And that brings us back to JCVA. Roger has stepped on his or one of his friends’ toes in his role as corruption investigator. Roger has no evidence, but the lightning-fast reaction says it all. JCVA can destroy Roger, destroy his existence. Roger’s base in Paris has already been laid in ruins, his colleagues have withdrawn very quickly, his marriage no longer exists, he is in his early forties and has never done anything other than to investigate with the gendarmerie. What is to become of him? Gnashing his teeth, Roger blends in and tries to survive his job crisis.
…and then there’s Aveline! She enters his life and becomes his lover – just: wrong – he becomes her lover. She is in her late thirties, handsome, charming, intelligent: as an examining magistrate she is involved in all cases. BUT: she’s also married – to JCVA! Wow! Roger moves really on thin ice here. He’s crazy about Aveline and knows that it can cost him his head (once again) if JCVA finds out about it.
Here’s one of those places where I keep starting to ponder. What is Aveline up to? Is she the bored wife of a politician looking for variety? She lives in Provence, her husband in Paris: a weekend marriage. Has she fallen in love with Roger and doesn’t want to admit it? Does JCVA really know nothing about it? After all, Aveline is the ideal supervisor for JCVA to keep Roger in check.
First of all, life in Provence is exhausting for Roger. Rays of hope are his old oil mill, where he feels more and more comfortable. His neighbour Paulette helps him gladly and provides him with good food, company, evenings in the circle of her friends with a lot of wine… Yes: the good life in the South of France – a little bit of it also ends up with Roger.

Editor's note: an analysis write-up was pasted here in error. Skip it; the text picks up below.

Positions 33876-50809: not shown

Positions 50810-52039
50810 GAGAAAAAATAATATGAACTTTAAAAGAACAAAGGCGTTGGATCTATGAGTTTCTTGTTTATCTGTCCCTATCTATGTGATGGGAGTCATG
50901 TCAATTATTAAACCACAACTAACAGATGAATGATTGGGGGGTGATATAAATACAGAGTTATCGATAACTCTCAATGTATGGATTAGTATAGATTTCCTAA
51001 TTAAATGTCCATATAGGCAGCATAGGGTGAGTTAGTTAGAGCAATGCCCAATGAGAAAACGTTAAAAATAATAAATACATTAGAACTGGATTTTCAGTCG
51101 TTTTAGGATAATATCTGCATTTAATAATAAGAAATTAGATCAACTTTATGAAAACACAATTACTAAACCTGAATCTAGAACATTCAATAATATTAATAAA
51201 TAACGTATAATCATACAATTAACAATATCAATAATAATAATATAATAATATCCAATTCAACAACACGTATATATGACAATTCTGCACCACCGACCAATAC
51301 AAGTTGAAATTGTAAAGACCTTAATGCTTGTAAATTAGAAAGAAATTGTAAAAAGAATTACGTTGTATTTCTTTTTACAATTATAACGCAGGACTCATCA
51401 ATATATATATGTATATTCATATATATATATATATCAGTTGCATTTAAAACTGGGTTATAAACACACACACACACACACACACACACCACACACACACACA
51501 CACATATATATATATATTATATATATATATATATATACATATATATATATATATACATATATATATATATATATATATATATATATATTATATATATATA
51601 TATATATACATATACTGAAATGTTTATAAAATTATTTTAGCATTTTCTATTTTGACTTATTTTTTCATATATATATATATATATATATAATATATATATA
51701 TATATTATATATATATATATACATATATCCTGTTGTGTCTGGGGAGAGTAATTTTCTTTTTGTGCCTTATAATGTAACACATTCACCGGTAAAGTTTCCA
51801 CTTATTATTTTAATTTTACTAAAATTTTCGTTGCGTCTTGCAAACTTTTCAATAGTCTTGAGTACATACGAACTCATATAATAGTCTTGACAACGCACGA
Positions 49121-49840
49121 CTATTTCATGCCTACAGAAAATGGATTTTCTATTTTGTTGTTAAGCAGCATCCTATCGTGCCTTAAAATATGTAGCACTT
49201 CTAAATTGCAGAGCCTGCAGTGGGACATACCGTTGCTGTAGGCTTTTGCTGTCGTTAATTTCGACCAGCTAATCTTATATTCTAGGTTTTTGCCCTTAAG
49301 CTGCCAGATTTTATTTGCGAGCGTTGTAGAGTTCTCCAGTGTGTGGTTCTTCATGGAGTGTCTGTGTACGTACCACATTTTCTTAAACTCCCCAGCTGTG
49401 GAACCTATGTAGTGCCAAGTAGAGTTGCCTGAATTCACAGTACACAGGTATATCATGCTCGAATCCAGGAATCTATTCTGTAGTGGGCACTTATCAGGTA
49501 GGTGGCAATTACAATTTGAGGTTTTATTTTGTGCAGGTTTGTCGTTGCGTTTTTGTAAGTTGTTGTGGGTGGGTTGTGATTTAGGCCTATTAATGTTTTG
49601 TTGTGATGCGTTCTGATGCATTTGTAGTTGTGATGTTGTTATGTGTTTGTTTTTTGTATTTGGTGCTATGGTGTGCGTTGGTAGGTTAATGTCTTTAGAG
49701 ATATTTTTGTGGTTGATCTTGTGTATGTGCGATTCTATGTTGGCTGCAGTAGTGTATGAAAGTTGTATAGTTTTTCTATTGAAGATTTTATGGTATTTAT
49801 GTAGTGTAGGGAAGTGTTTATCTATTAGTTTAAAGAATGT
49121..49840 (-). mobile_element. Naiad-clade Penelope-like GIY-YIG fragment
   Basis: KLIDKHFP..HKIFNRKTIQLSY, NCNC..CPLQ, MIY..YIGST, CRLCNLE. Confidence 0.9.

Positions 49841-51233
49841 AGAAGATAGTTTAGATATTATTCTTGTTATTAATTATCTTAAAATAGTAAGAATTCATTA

Besides all the personal crises, of course we also have the criminal cases that escalate quickly and blow up the Provencal idyll. Whether right-wing extremists try to settle bills, whether corrupt mayors plan investments, whether the IS (yes: the IS – this notorious group of Islamic terrorists) tries to carry out an assassination attempt, whether suddenly old stories from the time of the RAF terrorism catch up with the activists of that time who were never caught: Roger is right in the middle of it and occasionally also becomes a victim of physical attacks. In addition, there are disappearances of paintings by Vincent van Gogh, environmental activists, drug smuggling… and again and again somewhere JCVA is in the background pulling the strings to prevent disaster from happening. It goes so far that crimes are deliberately concealed and perpetrators are not accused – for the good of the state or of JVCA and its friends.
It remains exciting. Nkoulou has a secret – a relationship with a young drug addict. Aveline has a secret – her love affair. Tonon has a secret – his alcohol addiction and an undercover operation. Roger sometimes despairs: he uncovers, he is active, hyperactive, becomes a workaholic again and again – and is always slowed down by JCVA.
How long will it last?
In the novels, Provence and its beauty and the famous savoir vivre brutally encounter today’s reality of crime and terror. Career addiction, greed for money, security are the driving forces behind crime and political and private influence. The jug goes to the well for so long… Roger would like to be the laughing third, but will he make it? After a few months, he begins to put dossiers back on the table… just like he did in Paris!
The novel series deserves a few more sequels to round off this fast-paced series with the entanglements and abysses in politics and society.